I think it was Tun Mahathir who said that the people get the leader that they deserve.

Good or bad leaders, it is a result of the people's collective decision. A good nation would elect a good leader while a not so good nation would elect a not so good leader.

If this were true, then the leaders we have now are reflective of us as the people.

So if we the people are not up to snuff, then who will change our mindsets if not the leaders? But again, the leaders are reflections of our choices.

Will it be a never ending cycle? Will we ever find it within ourselves to put up a good leader? Or are we not having enough to choose from the selection pool to start with?

opcharlie said...

the mindset will improve, it's only a matter of time. Unfortunately not at the pace we would like it to improve. As more of our kids adopt positive cultures from outside the country and more of our experts working in different countries, they will come home with better frame of mind. The important thing is to extend that influence. it might take a few generations before people honestly want to hold the elevator for you.

jaredsdad said...

Hi, OP Charlie. OP Selva here. Great to see u doing well with your blog. Keep up the good work, bro. Cheers...!

bats said...

you make a very valid point about Obama and the colour of his skin. people might say otherwise, the politics of race is an age old practice.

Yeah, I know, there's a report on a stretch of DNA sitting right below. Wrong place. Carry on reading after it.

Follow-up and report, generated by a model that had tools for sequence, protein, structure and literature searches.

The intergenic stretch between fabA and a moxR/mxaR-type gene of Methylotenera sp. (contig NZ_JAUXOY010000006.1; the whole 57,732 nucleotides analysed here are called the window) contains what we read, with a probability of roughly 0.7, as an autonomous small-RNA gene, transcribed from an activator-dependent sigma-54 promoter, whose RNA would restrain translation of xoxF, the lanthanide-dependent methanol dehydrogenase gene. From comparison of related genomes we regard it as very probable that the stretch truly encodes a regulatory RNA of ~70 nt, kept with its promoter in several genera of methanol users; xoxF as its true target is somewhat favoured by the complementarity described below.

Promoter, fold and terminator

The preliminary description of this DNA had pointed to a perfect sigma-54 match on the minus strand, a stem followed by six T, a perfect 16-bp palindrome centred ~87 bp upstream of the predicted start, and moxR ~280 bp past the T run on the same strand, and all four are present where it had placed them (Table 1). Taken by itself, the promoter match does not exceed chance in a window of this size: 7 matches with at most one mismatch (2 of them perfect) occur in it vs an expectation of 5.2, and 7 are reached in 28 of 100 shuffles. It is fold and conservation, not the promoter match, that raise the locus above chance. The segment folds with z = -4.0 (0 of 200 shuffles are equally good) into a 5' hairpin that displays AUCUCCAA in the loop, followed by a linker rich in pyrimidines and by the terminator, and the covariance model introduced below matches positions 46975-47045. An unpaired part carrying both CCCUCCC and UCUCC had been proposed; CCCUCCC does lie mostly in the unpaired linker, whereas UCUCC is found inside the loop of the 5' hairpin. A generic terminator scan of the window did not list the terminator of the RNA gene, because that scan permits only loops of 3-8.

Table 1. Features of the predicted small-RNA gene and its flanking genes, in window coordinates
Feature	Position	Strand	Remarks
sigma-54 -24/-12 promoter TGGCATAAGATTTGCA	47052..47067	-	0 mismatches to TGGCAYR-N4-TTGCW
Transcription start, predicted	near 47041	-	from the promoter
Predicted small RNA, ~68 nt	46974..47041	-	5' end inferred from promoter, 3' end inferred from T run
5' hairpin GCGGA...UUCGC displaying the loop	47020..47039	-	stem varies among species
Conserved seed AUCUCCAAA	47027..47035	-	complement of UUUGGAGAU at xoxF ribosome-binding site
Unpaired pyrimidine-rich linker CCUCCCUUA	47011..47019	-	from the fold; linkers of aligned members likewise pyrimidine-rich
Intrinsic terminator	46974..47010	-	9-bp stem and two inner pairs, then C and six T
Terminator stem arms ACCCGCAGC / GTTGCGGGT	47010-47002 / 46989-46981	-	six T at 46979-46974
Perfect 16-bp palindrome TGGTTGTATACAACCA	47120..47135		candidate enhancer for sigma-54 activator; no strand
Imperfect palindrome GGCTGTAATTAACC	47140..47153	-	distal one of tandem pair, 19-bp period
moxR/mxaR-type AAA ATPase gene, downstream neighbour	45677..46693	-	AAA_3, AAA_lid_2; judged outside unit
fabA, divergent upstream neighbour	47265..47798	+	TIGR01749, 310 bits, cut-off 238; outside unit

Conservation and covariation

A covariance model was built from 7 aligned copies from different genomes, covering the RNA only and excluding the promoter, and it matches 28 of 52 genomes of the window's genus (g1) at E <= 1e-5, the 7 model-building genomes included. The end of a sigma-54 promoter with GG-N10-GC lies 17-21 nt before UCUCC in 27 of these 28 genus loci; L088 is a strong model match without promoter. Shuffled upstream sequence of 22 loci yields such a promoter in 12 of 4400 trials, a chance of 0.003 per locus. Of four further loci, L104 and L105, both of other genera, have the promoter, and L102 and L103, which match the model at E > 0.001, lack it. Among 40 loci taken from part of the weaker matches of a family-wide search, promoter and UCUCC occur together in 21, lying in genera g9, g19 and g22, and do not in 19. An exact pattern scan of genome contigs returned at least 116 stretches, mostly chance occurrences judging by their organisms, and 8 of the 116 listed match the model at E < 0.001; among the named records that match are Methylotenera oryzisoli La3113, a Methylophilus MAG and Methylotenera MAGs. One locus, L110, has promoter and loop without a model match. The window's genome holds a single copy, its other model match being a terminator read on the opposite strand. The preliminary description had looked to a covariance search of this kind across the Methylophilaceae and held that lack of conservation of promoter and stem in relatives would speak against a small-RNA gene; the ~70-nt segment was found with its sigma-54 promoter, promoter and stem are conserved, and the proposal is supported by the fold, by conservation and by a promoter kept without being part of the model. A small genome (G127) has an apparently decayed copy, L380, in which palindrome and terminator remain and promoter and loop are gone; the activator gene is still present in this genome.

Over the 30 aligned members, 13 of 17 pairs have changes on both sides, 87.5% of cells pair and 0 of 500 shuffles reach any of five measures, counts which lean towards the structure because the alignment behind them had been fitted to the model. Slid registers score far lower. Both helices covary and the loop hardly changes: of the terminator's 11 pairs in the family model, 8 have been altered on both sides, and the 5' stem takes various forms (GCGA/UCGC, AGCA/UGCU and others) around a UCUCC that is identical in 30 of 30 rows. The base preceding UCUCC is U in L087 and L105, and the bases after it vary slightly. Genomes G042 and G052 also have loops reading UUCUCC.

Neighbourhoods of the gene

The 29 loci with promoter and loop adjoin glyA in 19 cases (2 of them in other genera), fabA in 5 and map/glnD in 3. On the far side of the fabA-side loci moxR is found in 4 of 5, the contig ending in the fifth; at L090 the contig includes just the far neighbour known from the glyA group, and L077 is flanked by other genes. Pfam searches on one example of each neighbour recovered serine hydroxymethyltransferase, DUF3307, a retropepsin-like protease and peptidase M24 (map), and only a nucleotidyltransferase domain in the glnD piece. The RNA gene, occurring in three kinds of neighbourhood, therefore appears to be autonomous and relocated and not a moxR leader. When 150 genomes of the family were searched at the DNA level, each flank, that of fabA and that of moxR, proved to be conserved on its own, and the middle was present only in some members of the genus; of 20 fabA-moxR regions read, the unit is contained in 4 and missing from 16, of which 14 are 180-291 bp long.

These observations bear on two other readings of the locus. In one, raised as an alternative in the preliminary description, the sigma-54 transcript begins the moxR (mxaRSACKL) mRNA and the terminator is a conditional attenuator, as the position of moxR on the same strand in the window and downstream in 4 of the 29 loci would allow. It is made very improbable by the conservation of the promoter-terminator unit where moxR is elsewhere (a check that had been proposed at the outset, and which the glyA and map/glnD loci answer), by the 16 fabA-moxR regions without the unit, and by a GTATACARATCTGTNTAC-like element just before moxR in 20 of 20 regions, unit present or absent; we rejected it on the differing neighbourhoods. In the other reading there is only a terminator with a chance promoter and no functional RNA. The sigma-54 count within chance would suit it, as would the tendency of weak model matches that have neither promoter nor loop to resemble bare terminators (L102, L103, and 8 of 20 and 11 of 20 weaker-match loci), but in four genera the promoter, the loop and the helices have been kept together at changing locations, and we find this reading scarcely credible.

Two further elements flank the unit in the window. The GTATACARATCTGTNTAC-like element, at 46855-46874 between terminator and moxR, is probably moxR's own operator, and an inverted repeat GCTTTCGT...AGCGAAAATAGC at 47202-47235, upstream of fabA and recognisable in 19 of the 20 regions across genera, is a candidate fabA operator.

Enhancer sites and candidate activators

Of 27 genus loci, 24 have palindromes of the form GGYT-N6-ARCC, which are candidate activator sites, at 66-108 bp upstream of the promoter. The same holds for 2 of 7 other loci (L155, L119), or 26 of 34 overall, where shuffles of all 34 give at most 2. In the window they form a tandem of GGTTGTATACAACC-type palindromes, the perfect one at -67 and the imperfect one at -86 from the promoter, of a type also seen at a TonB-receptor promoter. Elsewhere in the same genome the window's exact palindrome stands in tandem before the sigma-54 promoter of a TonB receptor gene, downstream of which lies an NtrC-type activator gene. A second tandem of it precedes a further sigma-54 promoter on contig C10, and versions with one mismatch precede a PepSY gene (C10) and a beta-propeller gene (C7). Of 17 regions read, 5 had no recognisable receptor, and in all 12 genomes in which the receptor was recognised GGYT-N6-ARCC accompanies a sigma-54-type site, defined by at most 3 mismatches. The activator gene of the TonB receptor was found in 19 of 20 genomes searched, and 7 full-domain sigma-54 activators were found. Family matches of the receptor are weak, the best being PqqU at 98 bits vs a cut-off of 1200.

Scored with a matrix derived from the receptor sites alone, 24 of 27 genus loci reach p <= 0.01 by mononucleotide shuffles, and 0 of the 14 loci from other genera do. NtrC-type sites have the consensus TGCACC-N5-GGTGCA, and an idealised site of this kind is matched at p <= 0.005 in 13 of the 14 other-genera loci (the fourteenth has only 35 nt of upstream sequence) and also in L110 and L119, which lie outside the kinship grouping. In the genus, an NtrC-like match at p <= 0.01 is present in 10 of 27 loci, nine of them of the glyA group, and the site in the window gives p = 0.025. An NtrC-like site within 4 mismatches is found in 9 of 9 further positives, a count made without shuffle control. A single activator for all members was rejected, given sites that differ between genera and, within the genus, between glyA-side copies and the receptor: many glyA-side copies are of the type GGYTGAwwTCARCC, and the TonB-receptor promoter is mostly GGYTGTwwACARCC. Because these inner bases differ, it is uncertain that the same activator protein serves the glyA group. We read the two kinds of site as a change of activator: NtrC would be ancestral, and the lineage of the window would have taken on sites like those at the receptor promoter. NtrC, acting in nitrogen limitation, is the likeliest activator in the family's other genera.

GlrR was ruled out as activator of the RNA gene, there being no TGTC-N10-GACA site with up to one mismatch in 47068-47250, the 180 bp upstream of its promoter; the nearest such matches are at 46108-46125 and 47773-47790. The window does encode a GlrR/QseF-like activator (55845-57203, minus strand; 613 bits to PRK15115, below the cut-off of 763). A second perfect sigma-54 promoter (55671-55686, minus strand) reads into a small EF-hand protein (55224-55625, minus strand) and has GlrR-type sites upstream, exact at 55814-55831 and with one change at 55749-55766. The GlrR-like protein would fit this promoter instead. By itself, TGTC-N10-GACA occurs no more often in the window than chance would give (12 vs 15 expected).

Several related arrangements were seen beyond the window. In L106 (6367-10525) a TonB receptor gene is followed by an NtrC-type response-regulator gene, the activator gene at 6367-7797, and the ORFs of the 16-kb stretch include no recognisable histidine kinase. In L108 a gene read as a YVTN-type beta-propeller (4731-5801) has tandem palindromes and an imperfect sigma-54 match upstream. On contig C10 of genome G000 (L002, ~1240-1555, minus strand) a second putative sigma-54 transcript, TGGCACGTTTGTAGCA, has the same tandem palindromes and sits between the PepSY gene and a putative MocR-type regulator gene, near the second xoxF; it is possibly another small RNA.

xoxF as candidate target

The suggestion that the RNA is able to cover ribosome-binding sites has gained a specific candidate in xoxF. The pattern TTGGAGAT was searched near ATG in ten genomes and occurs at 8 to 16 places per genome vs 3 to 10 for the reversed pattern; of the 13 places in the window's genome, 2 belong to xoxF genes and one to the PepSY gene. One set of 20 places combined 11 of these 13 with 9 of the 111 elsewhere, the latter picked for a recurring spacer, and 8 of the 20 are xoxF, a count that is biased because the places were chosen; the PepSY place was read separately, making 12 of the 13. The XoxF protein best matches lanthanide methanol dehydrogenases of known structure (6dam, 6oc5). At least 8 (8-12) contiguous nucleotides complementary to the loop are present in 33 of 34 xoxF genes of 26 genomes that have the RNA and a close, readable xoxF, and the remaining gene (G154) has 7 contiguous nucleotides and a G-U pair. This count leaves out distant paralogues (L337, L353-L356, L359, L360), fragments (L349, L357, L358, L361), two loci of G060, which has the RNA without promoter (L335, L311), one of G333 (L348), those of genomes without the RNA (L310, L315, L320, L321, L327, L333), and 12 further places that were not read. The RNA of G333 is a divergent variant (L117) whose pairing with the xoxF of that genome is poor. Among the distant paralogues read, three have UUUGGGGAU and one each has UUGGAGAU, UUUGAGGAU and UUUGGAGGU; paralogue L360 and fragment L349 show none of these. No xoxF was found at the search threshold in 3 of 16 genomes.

it's a beauty isn't it? some people try to make that mindset change and vote for someone other than status quo and they get condemned for supporting unproven candidates.

now we have a new MP who many claim is out to boost his ego, which may be true. whether this MP represents change or not is then out of the question because he has already been labelled, by none other than his fellow MPs who will now question every item raised as an ego boosting excercise.

do these people really reflect us? dang...

so what's the first step in this predicament?

opcharlie said...

Well, it may look like a predicament to us but most people would not even think about it (talking about race politics). Our biggest expectations always happen slower (most of the time). When you go to the ground, you really hear what they talk about and how they feel. Changes can take place, but it cannot be too dramatic that it scares the majority (shit do i sound like one of em???)